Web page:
On The Border
The COVID-19 pandemic has brought, to many of us, new levels of stress, uncertainty, and anxiety. Thousands have been laid off, the numbers of sick people continue to rise, and even something as simple as going for a walk, or even shopping, carries with it a sense of threat. But, there are few places where this stress is as acutely felt as in the migrant shelters for refugees and asylum seekers that line the border between the United States and Mexico. Since March, the border has been closed to all but those making essential journeys. Although this move was a mutual decision of the US and Mexican governments in order to help limit the international spread of COVID-19, the consequence of this is that the immediate futures of all the migrants stranded on the Mexican border have become all the more uncertain.
Even before this, migrants and asylum seekers were forced to wait months in shelters that are often overcrowded and have limited access to health and sanitation services for the chance of an asylum hearing or permission to cross the border. Many migrant facilities and accommodation centers have stopped allowing new arrivals, resulting in homelessness and food insecurity among migrants and asylum seekers, with nowhere for them to stay.
At the same time, migrants continue to suffer exploitation, abuse and violence. In 2019, the New York Times discussed the widespread sexual violence, forced drug dependency, and sexual servitude of potentially hundreds of migrant women on both sides of the border. On top of this, there has been an unusually large number of miscarriages reported in women detained in migration centers or living in shelters. Partially in response to this, a number of formal and informal women’s shelters have opened, yet, as more people come to the border, to be turned away, these shelters have been stretched beyond capacity.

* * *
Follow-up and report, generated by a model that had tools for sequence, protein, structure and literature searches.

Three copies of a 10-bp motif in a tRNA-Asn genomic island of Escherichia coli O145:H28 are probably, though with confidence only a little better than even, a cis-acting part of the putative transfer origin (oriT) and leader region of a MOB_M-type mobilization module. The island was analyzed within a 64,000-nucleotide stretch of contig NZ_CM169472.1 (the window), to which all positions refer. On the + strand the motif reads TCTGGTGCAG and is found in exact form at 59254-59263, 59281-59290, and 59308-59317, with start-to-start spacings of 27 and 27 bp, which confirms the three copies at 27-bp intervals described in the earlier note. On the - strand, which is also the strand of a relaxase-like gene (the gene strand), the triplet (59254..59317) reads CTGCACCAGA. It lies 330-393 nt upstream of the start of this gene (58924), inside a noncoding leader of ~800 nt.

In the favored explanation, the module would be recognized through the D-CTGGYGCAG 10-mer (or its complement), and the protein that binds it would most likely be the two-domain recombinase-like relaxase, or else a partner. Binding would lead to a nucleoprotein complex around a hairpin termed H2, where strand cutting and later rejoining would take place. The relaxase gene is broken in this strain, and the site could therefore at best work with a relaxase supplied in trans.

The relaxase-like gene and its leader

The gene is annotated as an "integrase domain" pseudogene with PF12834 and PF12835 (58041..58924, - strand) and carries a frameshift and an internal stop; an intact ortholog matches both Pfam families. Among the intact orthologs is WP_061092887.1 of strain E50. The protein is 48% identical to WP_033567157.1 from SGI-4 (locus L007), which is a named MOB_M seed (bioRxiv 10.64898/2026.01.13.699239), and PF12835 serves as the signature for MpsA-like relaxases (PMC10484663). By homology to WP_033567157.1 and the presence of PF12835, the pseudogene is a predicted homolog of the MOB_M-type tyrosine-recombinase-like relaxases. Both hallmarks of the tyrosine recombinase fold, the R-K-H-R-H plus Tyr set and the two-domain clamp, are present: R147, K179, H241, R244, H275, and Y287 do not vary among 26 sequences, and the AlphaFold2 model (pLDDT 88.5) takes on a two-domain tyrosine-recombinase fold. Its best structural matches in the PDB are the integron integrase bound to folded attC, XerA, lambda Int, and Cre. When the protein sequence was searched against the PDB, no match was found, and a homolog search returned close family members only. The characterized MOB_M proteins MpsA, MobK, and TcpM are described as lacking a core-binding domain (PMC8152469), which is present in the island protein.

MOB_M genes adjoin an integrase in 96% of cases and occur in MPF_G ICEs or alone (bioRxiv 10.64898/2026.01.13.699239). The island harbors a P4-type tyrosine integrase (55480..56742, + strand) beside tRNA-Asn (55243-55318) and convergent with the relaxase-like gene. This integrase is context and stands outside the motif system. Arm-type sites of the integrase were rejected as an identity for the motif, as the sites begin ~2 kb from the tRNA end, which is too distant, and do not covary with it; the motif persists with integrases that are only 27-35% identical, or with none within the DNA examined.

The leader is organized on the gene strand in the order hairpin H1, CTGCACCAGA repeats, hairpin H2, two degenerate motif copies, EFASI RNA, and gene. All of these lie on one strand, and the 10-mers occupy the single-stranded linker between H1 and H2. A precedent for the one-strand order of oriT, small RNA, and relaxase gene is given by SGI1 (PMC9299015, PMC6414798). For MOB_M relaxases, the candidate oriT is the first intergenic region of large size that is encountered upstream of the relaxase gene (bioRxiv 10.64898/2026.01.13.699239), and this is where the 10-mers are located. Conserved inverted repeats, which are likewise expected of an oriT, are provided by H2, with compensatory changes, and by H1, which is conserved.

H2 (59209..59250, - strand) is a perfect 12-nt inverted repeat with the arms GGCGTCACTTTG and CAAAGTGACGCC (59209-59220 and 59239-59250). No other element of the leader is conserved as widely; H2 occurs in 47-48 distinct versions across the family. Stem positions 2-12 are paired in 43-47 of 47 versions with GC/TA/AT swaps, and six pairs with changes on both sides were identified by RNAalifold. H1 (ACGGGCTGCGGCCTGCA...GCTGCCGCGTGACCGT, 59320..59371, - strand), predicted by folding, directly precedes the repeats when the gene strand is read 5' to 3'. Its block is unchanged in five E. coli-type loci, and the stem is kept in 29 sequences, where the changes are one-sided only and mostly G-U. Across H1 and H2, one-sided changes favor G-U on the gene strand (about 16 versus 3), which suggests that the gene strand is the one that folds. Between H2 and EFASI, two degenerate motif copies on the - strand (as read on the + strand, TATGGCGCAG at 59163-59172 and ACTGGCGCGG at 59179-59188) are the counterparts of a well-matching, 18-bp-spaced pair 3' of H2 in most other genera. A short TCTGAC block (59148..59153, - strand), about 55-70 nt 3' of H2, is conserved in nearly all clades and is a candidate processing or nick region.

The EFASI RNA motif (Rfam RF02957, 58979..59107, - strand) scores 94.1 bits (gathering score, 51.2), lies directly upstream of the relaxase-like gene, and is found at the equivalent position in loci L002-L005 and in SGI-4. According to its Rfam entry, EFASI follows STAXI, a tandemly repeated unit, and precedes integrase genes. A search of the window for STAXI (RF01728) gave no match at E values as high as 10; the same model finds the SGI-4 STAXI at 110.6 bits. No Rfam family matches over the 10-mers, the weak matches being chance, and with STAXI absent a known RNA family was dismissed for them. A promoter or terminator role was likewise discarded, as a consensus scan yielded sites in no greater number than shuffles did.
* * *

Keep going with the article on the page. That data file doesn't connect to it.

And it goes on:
Additionally, many of the refugees and migrants lack certain skills to adequately compete in the American job market once or if they are able to resettle in the United States. This could have the effect of prolonging the uncertainty and difficulty of their daily lives to the foreseeable future. It is estimated that some 60,000 asylum seekers and migrants are stranded on the Mexican side of the US border. The difficulty of their daily lives is compounded by the uncertainty of their futures. In 2020 alone, 129 migrants died by the border with that number, tragically, likely to rise. Unfortunately, the situation is unlikely to improve any time soon, even before the new restrictions many thousand were waiting in Mexico for asylum hearings, hearings where success is far from guaranteed.
This is the situation where One Digital World will operate. Last year Casey Myers, founder and Executive Director of One Digital World, successfully launched its curriculum in Samos, Greece to refugee women from Somalia, Saudi Arabia, Cameroon, Iraq, Syria, and other countries throughout Africa and the Middle East. There, although many of the women had never used a computer before, they were taught digital skills and conversational English. Unlike other non-formal educational organizations, those who studied the whole curriculum received certifications in typing and digital literacy and learned to build working laptops using only a blueprint and problem-solving skills. Some graduates earned additional training to become Computer Lab Coordinators, a valued member of the One Digital World team.